15th May 2019, 13:25 | rfl

A Rugby League History | Blackpool

A Rugby League History | Blackpool

By Dave Hadfield

Not unlike the numerous stomach-churning fairground rides in the parts. Rugby League has a similar history of ups and downs in Blackpool.

Given the links between north of England industries and their playground of choice, it was perhaps predictable that expansion to the Fylde Coast was a recurring item on the RFL’s agenda. In 1954 they took the plunge. After all, Blackpool was Europe’s biggest tourist attraction.  

What could possibly go wrong?

For the best part of a decade they player at the greyhound stadium on St Annes Road – again no distance from here. 

There was always the option of using Bloomfield Road for a really big match and that was what they did when they squeezed a mind-boggling 22,000 inside for the visit of Leigh in 1957.

In some ways, Blackpool had a lot going for them. Their modest ground, Borough Park, was – incredibly – the newest stadium for a British team sport for years. Those were very different times when it came to investing in bricks and mortar. 

They were not short of big names either, with giants of the game like Billy Boston and Brian Bevan ending their careers there. The likes of Tommy Bishop and the future Australian international Tim Pickup pretty well began theirs in the tangerine, black and white. Not to mention exotic imports such as the American winger Chuck Wiseman.  

Somehow it never quite added up to a winning formula. Not until the late 70s, that is, when the world suddenly went mad.  

In 1977 they reached the final of the John Player Trophy and were by no means disgraced by Castleford in the final at Salford. Blackpool hooker Howard ‘Smiler’ Allen earned a share of the man of the match award. Ged Marsh was voted the best player in the division, despite looking like a comprehensive school woodwork teacher and coach Jim Crelin lit up The Willows with the most garish kipper tie ever to illuminate a major final.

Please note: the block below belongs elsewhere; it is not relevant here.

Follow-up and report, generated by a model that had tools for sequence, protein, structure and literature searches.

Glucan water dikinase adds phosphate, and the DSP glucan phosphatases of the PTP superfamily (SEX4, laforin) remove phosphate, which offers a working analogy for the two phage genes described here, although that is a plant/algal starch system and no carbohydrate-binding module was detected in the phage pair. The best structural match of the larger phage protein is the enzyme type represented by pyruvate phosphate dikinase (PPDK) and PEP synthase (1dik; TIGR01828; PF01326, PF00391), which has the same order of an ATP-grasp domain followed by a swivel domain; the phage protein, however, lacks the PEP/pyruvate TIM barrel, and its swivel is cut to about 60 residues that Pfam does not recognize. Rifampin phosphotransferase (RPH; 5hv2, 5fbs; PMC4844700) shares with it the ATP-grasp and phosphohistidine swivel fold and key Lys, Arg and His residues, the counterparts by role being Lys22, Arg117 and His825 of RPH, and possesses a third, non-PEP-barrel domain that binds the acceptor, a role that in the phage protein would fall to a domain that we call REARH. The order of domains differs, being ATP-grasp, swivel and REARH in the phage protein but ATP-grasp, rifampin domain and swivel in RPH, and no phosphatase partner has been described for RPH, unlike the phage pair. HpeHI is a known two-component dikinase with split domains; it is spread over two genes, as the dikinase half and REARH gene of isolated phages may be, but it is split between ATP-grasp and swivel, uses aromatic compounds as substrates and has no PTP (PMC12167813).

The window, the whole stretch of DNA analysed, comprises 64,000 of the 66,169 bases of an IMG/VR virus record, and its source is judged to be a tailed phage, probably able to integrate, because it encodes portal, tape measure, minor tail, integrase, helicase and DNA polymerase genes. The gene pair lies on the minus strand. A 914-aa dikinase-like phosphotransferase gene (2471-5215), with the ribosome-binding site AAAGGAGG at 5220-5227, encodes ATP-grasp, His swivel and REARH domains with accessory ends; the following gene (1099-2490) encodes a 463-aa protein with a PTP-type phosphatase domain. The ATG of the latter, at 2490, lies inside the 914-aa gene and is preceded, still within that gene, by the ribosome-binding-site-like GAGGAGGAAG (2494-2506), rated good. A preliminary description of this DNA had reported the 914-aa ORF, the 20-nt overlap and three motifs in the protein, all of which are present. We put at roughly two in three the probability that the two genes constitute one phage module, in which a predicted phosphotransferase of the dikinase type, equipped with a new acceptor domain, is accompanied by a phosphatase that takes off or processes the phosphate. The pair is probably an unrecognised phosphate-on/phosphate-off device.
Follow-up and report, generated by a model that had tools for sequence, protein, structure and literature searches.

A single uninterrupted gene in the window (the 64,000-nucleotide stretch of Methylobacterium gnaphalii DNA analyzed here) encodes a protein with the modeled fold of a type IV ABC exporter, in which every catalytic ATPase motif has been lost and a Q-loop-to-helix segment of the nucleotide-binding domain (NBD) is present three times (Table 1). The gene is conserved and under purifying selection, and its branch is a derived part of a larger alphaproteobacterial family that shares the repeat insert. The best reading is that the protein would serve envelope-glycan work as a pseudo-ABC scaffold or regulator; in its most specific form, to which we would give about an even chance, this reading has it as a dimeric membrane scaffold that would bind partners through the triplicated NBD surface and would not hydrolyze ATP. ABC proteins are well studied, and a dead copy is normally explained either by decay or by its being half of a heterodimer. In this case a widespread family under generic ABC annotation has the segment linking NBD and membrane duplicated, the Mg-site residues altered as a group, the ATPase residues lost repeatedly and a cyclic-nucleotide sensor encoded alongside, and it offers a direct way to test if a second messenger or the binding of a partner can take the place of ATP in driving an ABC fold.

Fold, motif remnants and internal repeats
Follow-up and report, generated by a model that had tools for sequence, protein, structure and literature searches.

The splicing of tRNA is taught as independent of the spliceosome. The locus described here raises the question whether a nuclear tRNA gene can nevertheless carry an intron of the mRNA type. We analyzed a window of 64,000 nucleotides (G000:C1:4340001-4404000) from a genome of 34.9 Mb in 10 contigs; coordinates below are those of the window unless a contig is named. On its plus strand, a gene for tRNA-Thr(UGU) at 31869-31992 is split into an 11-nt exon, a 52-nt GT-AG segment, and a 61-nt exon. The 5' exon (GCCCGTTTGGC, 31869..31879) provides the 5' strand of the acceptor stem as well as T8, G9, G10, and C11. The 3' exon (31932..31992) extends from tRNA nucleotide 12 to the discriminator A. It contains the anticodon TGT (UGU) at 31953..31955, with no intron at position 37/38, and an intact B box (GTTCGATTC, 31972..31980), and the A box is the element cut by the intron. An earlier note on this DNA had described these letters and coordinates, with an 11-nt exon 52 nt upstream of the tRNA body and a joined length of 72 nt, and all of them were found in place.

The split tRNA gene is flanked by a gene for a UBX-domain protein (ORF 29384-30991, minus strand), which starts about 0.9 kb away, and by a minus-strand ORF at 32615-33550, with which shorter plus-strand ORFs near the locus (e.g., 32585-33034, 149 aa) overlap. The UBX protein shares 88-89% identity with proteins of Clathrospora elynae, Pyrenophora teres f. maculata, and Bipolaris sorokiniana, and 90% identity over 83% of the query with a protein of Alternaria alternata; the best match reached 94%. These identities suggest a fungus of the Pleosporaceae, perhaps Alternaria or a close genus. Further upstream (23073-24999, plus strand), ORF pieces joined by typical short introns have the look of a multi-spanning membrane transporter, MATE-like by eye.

Not for the first time, nor certainly for the last, Borough reverted to After the Lord Mayor’s Show mode. Or should that be Donkey Derby? 

But Borough were far from finished; in fact, their true Golden Age was awaiting them – and I was privileged to be close enough to see how the hell they did it. ‘It’ of course was the unthinkable feat of winning promotion to the old First Division.  

Much of it was down to the charismatic, if flawed personality of Albert Fearnley, and the flickering on field genius of Bak Diabira.

There were others who deserved a place in the Blackpool Borough hall of fam, not least those partners in crime and masters of the vital drop goal, Alan Fairhurst and Norman Turley. 

A few years later, the custodian of flower stall in Stafford named Hugh Waddell emulated Pickup by wandering in off the Golden Mile and asking for a trial – and the rest is floristry. 

Borough had embarrassed teams like Wigan and Leeds during their brief sojourn in Division One, but naturally it was never destined to last.  

Whenever I try and get my head around what happened next, I feel one of my migraines coming on. Suffice it to say that after wanderings on a biblical scale, they eventually came home and even won a trophy before they imploded. But that is another tale for another occasion.  

Possibly the day they return again, as I notice some prudent men are suggesting.

Why not? Rugby League has had dafter ideas. 


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